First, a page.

‘I’m very thankful’: Madison comes together to help Ukrainian family start new lives in US

MADISON, Wis. — It has been seven months since Russia’s invasion of Ukraine.

Seven months of war have been catastrophic for Ukrainian families. Many have turned to hope in the United States.

News 3 Now first shared the story of the Bykov family in March. Snizhana Bykova and her two children, Daniil and Arina, left their home in Kyiv to flee to safety in the United States.

Their American friends Anne and Jeff Munson welcomed the Bykovs into their already crowded Fitchburg home on March 6.

Six months later, the Bykovs are living on their own. They moved into a Middleton duplex in July.

“Signing a lease here was a serious decision I had to make,” Bykov said. “I called my husband crying. I asked his advice. I also talked to Daniil and Arina. I asked them, ‘Do we stay or do we go home?’ My kids said, ‘We stay.'”

The congregation at Midvale Community Lutheran Church sponsored the Bykov and Munson families and helped make this all possible.

The church developed an immigration action plan complete with a formal business plan to support an individual or family seeking asylum in the United States.

All of the furniture in the Bykovs’ new home was donated by the church and the rent was fully paid by members of the congregation.

Toni Swandby is a longtime church member and chair of the immigration action team.

“It’s a really rough road,” Swandby said. “We have an endowment, We had money for an apartment, food, clothing, all that kind of stuff. We had people willing to help with rides, transportation, cooking, you name it.”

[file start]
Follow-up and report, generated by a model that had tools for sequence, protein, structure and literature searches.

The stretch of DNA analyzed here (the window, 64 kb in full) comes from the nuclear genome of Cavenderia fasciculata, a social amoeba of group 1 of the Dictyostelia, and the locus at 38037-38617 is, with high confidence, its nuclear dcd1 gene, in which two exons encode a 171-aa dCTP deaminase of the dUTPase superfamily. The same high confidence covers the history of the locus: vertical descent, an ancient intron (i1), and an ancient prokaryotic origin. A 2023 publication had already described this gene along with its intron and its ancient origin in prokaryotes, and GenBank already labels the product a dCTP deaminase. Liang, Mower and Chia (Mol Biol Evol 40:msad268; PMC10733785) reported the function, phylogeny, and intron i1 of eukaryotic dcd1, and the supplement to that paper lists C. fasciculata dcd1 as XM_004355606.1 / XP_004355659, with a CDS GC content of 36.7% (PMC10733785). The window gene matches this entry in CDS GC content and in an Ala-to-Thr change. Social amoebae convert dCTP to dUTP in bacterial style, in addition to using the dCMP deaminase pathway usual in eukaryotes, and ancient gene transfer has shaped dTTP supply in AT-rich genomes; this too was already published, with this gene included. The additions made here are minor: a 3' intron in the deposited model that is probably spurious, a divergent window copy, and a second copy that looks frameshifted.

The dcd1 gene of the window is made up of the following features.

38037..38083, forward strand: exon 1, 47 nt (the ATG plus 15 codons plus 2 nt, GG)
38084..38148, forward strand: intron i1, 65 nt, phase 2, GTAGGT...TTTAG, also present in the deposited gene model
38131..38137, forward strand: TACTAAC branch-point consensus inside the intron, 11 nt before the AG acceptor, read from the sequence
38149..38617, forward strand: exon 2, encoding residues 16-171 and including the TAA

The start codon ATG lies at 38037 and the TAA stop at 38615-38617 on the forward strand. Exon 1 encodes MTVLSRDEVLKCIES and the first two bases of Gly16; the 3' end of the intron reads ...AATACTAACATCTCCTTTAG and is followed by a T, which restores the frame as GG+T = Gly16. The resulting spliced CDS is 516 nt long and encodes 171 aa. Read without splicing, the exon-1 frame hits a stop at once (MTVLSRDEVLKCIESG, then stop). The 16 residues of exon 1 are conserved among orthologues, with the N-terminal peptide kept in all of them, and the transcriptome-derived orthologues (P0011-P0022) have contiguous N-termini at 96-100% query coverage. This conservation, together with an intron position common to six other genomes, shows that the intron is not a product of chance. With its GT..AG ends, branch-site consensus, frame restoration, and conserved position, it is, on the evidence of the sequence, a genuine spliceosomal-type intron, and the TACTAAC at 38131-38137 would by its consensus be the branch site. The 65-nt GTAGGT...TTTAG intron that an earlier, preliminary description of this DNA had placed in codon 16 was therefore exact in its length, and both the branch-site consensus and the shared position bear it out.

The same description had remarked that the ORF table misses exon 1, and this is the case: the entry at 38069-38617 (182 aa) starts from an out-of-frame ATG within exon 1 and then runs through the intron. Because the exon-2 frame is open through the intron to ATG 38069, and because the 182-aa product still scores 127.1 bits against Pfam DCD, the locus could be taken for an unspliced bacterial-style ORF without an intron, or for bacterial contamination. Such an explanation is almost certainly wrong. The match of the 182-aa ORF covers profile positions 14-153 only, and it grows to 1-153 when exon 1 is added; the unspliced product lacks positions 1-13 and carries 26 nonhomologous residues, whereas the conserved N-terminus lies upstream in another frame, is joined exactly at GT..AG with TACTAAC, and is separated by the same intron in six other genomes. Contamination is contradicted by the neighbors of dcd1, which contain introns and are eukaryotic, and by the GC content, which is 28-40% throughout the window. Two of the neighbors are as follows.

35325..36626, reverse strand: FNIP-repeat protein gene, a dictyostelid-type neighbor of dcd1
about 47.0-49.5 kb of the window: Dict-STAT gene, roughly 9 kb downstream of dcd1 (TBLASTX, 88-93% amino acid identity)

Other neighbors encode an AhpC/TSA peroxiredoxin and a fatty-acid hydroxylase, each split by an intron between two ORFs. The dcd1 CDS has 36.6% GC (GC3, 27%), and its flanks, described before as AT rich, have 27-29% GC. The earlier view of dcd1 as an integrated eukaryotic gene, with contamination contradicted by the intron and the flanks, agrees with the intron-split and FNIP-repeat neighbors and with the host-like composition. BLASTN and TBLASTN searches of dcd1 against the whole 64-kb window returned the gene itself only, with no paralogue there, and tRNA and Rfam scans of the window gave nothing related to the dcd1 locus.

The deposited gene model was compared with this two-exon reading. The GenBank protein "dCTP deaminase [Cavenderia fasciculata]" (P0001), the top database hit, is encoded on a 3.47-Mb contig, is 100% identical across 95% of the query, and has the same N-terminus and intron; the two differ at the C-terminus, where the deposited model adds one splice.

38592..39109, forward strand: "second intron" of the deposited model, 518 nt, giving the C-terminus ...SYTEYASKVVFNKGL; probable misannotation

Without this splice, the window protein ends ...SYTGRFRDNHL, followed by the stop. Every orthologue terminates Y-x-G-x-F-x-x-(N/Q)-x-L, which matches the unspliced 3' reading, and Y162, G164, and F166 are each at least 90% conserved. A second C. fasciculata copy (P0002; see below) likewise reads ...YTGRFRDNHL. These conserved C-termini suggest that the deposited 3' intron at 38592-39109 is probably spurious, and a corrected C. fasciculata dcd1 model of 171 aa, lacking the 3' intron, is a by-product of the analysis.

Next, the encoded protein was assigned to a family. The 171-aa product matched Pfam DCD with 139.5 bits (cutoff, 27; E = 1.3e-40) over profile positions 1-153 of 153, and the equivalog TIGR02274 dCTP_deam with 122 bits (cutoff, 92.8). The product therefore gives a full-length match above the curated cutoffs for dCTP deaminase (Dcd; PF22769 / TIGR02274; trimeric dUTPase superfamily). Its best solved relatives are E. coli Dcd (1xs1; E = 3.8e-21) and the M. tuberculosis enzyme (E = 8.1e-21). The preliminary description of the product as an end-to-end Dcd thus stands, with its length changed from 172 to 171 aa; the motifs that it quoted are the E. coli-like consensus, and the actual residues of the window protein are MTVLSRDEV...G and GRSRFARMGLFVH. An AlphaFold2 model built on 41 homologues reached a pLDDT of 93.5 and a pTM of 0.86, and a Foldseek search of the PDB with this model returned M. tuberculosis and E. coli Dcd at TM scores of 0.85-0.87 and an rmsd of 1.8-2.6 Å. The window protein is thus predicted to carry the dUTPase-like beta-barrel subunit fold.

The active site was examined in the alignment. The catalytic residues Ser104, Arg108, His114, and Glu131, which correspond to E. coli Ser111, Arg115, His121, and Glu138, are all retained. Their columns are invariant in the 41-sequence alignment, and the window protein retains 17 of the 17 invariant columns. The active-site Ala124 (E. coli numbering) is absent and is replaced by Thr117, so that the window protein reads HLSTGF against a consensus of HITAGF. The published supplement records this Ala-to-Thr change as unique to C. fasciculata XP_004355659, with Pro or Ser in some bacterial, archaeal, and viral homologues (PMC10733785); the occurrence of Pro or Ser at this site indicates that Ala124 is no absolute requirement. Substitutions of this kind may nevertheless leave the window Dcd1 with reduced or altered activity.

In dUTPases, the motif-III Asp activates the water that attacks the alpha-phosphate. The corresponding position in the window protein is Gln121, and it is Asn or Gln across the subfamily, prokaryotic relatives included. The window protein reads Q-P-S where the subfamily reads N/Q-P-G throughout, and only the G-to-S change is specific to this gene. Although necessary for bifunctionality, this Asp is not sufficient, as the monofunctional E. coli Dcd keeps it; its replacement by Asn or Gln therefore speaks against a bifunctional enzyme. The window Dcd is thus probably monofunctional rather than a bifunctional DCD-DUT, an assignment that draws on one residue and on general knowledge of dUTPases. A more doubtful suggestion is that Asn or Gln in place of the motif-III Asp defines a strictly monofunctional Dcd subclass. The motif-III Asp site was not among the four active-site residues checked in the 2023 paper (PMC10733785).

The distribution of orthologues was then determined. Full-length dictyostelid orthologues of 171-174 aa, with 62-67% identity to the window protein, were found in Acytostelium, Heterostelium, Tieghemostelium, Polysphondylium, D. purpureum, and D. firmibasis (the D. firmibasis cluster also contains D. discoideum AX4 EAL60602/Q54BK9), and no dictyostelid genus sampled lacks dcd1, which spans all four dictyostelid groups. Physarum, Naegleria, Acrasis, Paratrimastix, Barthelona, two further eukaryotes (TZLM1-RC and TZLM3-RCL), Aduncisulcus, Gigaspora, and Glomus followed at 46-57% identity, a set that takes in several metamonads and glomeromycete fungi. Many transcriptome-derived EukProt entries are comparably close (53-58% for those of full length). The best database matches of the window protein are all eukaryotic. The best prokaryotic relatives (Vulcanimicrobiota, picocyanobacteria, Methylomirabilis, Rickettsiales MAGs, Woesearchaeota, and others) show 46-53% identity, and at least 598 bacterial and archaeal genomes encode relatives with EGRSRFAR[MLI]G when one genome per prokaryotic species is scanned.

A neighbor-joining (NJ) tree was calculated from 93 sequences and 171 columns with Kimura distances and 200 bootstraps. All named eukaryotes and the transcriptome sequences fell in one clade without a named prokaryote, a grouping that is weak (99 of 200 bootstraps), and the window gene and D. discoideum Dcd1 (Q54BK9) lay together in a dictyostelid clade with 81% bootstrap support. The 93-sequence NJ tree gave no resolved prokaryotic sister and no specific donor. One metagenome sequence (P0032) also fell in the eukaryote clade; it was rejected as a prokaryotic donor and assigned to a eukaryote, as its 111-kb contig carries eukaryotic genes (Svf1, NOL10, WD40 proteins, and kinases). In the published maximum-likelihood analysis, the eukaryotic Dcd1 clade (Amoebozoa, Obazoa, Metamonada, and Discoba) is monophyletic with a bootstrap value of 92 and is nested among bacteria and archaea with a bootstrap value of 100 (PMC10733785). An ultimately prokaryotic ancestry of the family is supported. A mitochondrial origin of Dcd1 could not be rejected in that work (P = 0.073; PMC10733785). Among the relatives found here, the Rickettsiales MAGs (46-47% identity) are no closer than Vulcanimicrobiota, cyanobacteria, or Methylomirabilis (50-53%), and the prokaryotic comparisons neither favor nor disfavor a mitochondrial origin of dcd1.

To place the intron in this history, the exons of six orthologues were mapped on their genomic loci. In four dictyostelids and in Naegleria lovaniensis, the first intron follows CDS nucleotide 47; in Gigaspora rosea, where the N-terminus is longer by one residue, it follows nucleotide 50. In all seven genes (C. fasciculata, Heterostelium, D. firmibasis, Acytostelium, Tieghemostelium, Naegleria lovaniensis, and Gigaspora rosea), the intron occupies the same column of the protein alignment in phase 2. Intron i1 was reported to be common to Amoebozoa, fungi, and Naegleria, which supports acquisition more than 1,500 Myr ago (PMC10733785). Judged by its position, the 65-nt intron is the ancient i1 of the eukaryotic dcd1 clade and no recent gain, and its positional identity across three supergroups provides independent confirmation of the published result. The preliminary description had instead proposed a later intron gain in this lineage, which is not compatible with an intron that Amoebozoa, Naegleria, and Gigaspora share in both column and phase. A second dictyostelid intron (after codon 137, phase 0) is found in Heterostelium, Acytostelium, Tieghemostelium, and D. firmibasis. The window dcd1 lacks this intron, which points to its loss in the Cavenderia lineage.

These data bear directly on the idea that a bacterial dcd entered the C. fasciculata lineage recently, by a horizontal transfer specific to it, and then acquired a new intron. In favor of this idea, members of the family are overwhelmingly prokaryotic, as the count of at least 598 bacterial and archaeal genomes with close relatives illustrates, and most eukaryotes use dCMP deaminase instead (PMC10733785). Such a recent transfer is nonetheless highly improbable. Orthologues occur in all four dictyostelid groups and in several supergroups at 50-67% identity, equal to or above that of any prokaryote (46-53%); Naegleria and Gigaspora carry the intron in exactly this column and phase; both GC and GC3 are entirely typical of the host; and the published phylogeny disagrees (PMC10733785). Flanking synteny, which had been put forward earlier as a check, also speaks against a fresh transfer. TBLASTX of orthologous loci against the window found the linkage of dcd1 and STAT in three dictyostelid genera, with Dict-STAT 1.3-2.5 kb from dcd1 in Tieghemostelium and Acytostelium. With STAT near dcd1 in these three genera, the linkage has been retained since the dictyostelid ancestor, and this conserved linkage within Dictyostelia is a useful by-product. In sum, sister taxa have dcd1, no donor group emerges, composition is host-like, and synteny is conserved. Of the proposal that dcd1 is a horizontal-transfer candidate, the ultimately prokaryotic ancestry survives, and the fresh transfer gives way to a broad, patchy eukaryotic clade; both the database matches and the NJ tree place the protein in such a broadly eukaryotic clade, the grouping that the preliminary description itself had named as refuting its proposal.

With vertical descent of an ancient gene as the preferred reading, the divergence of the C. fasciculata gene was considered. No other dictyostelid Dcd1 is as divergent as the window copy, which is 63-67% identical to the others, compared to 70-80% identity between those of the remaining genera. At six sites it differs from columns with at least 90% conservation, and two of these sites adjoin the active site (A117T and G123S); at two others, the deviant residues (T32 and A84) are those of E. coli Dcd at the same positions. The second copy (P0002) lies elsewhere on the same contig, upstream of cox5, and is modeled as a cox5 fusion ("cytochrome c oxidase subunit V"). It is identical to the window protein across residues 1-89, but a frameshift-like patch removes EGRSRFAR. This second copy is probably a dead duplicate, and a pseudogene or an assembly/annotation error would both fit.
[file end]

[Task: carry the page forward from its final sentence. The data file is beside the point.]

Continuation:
Midvale Community Lutheran Church alerted the Immigrant Justice Clinic at UW-Madison and the Community Immigration Law Center in Madison that they had raised enough money to help support an individual or small family seeking asylum.

“One of the neatest things that happened wasn’t even in the business plan,” Swandby said. ” One of our church members came up with the idea of creating a community garden. When we found out Snizhana was coming as our first family, we decided to plant all the vegetables she would need to cook traditional Ukrainian dishes.”

The Bykov family took care of the garden all summer and harvested the beets, dill and cabbage needed to make borscht and other recipes.

“This has always been an incredibly welcoming church community,” Swandby said. “It’s never about this place. It’s about what comes out of this place.”

“It’s unbelievable,” Bykov said. “I’ve never met such kindness in my life. My family in Ukraine are amazed at how kind people are here. I’m overwhelmed with gratitude.”

The Bykovs, like many Ukrainians who have resettled in Madison, had vibrant careers they left behind a home.

Here in the states, they’re still waiting to resume those jobs. Federal work permit backlogs however have left families like Bykov’s in a months-long limbo since they arrived in the U.S. on humanitarian parole.

RELATED: ‘We want to work’: Ukrainians in Dane County wait months amid massive work permit backlogs

Snizhana and 19-year-old Daniil received word on September 23 that their federal work permits have been approved after a five-month wait.

Daniil is hoping to work and save enough money to resume his pursuit of a business degree at UW-Madison as soon as possible. He was accepted into the university in April but was unable to raise money for the tuition required to attend the fall semester.

Ukraine’s parliament voted to extend martial law in the country until November 21. Bykov is hoping her husband Vitaliy will be able to join the family in Wisconsin when the order expires.

“Now, I feel a different type of luck,” Bykov said. “Just to be lucky to meet very kind and very good people who understand what’s going on in my country and support me and my kids. I’m overwhelmed with gratitude and I’m very thankful.”

A GoFundMe page has been created to help the Bykov family. To learn more, click here.